Are Limited Companies The Way Forward For GP Practices?
In one of his last acts before resigning and triggering the series of events leading up to Boris Johnson’s resignation, then-Health Secretary Sajid Javid spoke at the NHS ConfedExpo 2022 in Liverpool. He told delegates the current primary care model of general practice is not working, and he promised a plan for change.
How that will manifest itself in these turbulent political times remains to be seen, but his comments sparked a thought in my mind about a potential tweak to the existing model that might actually work a lot better – is it time for a more modern structure for GP Practice in the shape of a company limited by shares?
A model for GPs who don’t want to be partners
This isn’t a new idea, and it has been explored a few times already but very rarely applied. It’s a model commonly used in dentistry, and I believe now might be the right time for general practice to take another look.
There’s a number of benefits, the most obvious one being the removal of the joint and several liability that comes with being a partner in a partnership to a model where the liability is limited to the company. A limited company could potentially facilitate GPs leaving or joining a practice because you can restructure the shareholding to enable that and could also allow for shares to be held by other members of the NHS family.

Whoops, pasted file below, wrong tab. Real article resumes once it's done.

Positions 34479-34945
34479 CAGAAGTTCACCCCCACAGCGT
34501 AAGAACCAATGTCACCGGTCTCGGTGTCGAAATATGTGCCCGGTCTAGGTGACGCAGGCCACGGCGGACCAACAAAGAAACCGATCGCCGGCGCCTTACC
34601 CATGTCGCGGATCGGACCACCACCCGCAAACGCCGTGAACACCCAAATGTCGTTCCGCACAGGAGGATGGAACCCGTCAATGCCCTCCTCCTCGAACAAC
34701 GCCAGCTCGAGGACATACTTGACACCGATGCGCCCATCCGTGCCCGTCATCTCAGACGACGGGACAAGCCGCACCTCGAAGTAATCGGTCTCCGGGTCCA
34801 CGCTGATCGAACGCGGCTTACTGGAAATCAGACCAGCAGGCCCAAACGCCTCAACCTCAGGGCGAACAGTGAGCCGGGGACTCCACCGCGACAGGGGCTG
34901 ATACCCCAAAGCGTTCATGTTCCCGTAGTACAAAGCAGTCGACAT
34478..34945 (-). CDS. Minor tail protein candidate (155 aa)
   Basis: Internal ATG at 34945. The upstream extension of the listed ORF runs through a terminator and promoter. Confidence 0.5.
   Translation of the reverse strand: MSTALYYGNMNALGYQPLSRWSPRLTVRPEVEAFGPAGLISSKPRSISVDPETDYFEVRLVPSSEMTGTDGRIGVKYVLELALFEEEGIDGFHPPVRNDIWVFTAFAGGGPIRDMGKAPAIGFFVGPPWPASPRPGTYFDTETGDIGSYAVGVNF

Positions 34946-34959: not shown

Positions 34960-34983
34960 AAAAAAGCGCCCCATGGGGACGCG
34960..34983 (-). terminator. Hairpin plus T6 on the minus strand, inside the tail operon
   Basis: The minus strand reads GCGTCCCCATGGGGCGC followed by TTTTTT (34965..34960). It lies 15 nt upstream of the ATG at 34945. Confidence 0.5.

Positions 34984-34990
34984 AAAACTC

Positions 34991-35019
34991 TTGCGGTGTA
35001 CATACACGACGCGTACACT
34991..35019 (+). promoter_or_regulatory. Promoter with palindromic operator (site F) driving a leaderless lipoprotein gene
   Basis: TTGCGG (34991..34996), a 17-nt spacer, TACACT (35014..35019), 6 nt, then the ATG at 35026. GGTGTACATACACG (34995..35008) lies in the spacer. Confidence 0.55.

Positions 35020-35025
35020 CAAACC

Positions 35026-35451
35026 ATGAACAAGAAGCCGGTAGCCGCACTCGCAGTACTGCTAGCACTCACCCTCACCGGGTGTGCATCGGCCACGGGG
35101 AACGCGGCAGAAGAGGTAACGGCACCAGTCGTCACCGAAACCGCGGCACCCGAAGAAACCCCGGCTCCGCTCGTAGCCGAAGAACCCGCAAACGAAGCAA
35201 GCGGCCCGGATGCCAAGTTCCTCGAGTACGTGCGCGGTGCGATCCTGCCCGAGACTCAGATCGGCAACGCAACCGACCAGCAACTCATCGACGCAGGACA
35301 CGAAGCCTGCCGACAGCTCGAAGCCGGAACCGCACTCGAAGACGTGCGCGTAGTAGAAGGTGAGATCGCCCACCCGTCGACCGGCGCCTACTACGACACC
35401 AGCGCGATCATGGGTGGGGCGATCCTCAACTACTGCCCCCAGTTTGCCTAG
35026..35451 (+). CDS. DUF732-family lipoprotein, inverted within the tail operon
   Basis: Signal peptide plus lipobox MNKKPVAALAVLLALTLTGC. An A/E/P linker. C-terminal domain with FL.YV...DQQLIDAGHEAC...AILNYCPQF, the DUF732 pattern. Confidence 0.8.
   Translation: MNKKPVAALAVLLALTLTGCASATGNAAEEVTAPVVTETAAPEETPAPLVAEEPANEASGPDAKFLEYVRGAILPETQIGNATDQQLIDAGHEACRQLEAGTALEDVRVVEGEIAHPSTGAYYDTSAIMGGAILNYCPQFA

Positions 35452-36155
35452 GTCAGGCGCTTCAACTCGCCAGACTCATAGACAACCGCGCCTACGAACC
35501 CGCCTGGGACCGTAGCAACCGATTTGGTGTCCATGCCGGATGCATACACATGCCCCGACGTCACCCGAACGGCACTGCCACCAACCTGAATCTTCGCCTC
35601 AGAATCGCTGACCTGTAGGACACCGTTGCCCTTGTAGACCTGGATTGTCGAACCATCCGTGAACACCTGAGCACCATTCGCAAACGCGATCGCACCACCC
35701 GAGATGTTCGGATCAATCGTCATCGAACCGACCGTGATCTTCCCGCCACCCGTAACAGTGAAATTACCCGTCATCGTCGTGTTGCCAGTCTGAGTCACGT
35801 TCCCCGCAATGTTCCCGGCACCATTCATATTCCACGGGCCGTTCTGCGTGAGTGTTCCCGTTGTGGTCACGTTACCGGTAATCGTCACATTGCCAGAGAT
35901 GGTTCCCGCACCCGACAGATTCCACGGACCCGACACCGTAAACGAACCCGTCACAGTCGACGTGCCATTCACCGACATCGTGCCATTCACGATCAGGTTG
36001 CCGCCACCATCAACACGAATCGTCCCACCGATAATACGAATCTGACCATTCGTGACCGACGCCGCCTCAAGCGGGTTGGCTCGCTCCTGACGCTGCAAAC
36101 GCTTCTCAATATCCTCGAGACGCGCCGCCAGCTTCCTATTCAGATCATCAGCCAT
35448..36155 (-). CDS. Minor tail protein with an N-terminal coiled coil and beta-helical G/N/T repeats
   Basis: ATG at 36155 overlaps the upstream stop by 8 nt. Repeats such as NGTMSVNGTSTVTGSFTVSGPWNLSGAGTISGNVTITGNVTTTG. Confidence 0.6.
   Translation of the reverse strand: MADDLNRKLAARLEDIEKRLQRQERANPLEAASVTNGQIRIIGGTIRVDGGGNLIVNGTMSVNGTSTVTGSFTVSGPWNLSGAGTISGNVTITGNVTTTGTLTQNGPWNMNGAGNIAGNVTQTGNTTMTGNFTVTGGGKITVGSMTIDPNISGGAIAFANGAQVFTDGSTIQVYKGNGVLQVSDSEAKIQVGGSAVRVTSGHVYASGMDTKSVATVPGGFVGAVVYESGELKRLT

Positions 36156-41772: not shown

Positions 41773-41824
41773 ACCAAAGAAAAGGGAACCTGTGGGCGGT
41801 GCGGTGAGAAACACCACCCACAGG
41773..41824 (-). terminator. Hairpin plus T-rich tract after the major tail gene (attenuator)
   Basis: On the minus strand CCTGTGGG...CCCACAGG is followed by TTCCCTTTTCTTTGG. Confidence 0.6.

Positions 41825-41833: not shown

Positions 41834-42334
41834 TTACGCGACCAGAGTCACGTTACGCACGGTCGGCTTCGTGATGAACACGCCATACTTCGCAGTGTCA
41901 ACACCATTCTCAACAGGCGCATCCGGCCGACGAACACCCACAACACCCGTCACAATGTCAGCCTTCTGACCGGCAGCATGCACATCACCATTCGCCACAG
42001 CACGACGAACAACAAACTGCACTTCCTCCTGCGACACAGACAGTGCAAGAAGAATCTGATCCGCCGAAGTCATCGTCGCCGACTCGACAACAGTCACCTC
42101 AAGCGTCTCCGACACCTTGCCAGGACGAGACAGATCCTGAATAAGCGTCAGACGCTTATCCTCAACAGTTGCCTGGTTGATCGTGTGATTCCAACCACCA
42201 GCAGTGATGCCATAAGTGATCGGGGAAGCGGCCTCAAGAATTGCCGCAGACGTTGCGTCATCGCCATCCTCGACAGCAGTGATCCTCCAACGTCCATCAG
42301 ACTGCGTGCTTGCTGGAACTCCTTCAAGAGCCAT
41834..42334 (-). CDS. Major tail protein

It might also be a good way to attract GPs that don’t want to be partners. A lot of young GPs coming through don’t want that responsibility, but being a shareholder and a director with limited liability might be a welcome model.
The restrictions in the GMS and PMS Regulations mean that you can’t sell the goodwill regardless of what structure you adopt and this is unlikely to change. However, if you take on additional services that sit outside the core GMS contract and run these through a separate company and potentially build some goodwill in it by running a range of services then that could be sold on. There may be some restrictions around that, but we could look at that as we go on.
The key point is that a company limited by shares already meets the rules set out in the GMS and PMS Regulations provided that the shares are held as prescribed in those Regulations.
A move away from the partnership agreement
Setting up a company and its operation is all governed by the Companies Act. From the perspective of how it operates, the shareholders own the company, while its directors operate under a statutory duty to act in the best interests of the company and all shareholders equally.
The employees work inside that model, and if practices did adopt it, TUPE rules would apply, and all staff would transfer into the new entity.
Companies are governed by their articles of association and the articles would replace the existing partnership agreement, which is a private document between the partners. In my opinion, a shareholder agreement would also be needed because the articles of association are a public document, and you might not want to put everything on public display.
There would be things you would want to keep among the shareholders, as has happened in the primary care networks that I incorporate and the GP federations that I’ve worked alongside lawyers to incorporate.
The key benefit is that the company is a legal entity in its own right. That means shareholders are not liable for the debts of the company. The limit of liability is the amount you purchase in shares and can easily be managed to a low level. And it can bring